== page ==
Good times in my French class ce soir - one of our exercises was to look at a comic strip about a couple out at a restaurant: there is a problem with the woman's dish - instead of a cooked snail (yummy) there is a live slug (icky!). Our task was to enact our own version of this story.

Our class was divided into three groups and I must say that my group was the best. Our group, two other woman and myself, were not content to merely borrow phrases and concepts from our lesson book, we did some serious improv - I played the man and I opened with "bon anniversarie, je t'aime! And the woman playing ma femme ordered salad from the other woman in our group, who played the waiter. The man (me) ordered three bottles of the Beaujolais and then we saw the slug on the plate de ma femme. "Quel horreur! C'est un scandal! I'm never coming back to this restaurant again!"

And then our waiter offered us a refund.

And scene.

Not bad considering none of us is exactly fluent in French and we had to do free-form dialog all in French. It was loads of fun. Our teacher declared us les trois actrices.

Speaking of speaking French and fun, the titular story in the David Sedaris collection "Me Talk Pretty One Day" is available online. I sent the link to my French teacher and she seemed to like it. Luckily my French teacher isn't a terror like Sedaris's teacher. In fact my French teacher is a heroine. Which is much better for learning French, although not quite as funny. An excerpt from Sedaris:
Over time it became impossible to believe that any of us would ever improve. Fall arrived and it rained every day, meaning we would now be scolded for the water dripping from our coats and umbrellas. It was mid-October when the teacher singled me out, saying, “Every day spent with you is like having a cesarean section.” And it struck me that, for the first time since arriving in France, I could understand every word that someone was saying.

Understanding doesn’t mean that you can suddenly speak the language. Far from it. It’s a small step, nothing more, yet its rewards are intoxicating and deceptive. The teacher continued her diatribe and I settled back, bathing in the subtle beauty of each new curse and insult.

“You exhaust me with your foolishness and reward my efforts with nothing but pain, do you understand me?"

The world opened up, and it was with great joy that I responded, “I know the thing that you speak exact now. Talk me more, you, plus, please, plus.”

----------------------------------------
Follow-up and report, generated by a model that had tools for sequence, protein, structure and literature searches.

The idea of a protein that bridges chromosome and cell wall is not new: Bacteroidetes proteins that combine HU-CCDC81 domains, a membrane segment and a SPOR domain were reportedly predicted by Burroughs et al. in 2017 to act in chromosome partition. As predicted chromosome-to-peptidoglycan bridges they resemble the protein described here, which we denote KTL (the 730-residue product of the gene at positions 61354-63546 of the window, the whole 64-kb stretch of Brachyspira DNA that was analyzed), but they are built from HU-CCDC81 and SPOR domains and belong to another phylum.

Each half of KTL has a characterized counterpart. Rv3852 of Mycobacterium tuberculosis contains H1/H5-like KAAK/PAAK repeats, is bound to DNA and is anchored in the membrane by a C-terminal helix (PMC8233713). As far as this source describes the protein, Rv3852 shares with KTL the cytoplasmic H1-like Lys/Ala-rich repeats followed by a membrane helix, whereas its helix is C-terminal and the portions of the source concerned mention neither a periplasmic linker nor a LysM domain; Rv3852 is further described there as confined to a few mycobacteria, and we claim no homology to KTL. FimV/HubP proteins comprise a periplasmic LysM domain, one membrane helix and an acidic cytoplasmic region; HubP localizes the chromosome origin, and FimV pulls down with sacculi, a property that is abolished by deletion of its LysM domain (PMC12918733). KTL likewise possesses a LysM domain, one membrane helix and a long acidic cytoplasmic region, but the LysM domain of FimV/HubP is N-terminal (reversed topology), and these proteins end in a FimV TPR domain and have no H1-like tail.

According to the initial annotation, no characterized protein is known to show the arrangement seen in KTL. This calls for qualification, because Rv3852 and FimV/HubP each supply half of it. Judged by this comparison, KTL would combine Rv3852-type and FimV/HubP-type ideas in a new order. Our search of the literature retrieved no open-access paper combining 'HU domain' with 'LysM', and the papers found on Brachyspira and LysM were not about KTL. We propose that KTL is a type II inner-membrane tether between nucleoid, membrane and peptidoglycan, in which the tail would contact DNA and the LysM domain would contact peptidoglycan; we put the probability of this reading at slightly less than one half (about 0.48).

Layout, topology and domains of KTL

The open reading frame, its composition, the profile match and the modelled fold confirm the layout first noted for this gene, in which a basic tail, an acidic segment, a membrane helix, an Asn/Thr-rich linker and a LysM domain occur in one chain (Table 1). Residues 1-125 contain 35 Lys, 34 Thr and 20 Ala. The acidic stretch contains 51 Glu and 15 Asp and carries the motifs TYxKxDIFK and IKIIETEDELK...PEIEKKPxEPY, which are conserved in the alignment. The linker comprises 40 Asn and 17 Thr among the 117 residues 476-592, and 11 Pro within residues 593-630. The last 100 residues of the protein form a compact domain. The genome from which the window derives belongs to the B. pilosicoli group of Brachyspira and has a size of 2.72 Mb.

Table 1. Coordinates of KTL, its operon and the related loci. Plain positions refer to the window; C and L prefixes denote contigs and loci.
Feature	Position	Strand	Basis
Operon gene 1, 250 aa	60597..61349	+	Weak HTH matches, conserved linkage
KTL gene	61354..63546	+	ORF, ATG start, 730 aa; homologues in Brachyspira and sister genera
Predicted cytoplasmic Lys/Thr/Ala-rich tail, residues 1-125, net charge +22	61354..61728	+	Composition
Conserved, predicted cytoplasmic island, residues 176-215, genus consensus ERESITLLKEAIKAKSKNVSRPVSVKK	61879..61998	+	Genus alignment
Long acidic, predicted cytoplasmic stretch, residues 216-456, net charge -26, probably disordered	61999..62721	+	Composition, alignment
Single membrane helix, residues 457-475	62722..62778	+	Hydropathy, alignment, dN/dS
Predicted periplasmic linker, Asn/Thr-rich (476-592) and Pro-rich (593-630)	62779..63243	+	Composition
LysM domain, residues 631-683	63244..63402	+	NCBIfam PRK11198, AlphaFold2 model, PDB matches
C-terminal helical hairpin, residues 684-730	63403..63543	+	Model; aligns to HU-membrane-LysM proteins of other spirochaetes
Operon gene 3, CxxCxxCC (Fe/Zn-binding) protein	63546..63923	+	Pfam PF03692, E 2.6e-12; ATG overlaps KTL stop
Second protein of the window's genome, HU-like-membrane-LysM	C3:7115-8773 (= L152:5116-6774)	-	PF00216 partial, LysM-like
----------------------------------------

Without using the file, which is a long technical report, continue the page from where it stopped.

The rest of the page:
Tuesday, April 18, 2017

Cassis & Orange


I discovered what I could do with all the leftover creme de cassis I had after failing to enjoy kir - turns out that five parts orange juice to two parts creme de cassis is absolutely delicious. And it's the simplest possible cocktail to make, only two ingredients. Much like the ever-popular screwdriver which is orange juice and vodka, except for creme de cassis and orange juice tastes much better than vodka and orange juice.  Also it's more French than a screwdriver. Most cocktails hardly seem worth the effort to me, they usually have five or six ingredients, and the results are not always delicious. I think cassis and orange might be the best cocktail ever. 

Speaking of French alcohol, I recently discovered The Local, aka "France's News in English" which provides this informative Ultimate Booze Map of France.

Also handy, this cheese map of France.


Monday, April 17, 2017

The Global Far-Right Movement

It seems pretty clear that Putin always favors the most extreme right-winger in any country's national election. Not only is it increasingly undeniable that Putin gave all kinds of assistance to Trump in winning the election, he's also clearly hoping that friend-of-Nazis Marine Le Pen will win the French presidential election. Le Pen met with Putin in March.

And it's clear that there is a well-funded network of right-wingers aiding and abetting Putin's campaign of destabilizing the West.

Here is a response by Gerald Butts to a tweet by Mike Cernovich praising Ezra Levant. I have blogged about Levant over the past few months, primarily focusing on his insane obsession with Justin Trudeau (which I suspect is partly fueled by homoerotic desire.) Cernovich is a deranged nut job who pushed the deranged Pizzagate conspiracy that almost ended up getting people killed.

Meanwhile Alex Jones, the deranged nut job who also pushed Pizzagate has his lawyer claiming that he's a "performance artist." 
“He is a performance artist,” attorney Randall Wilhite told a judge, according to the Austin American-Statesman.
The radio host has been known to peddle conspiracy theories without any evidence, including that 9/11 was an inside job, Sandy Hook was “completely fake with actors” and the government is using chemicals in the water to turn people gay.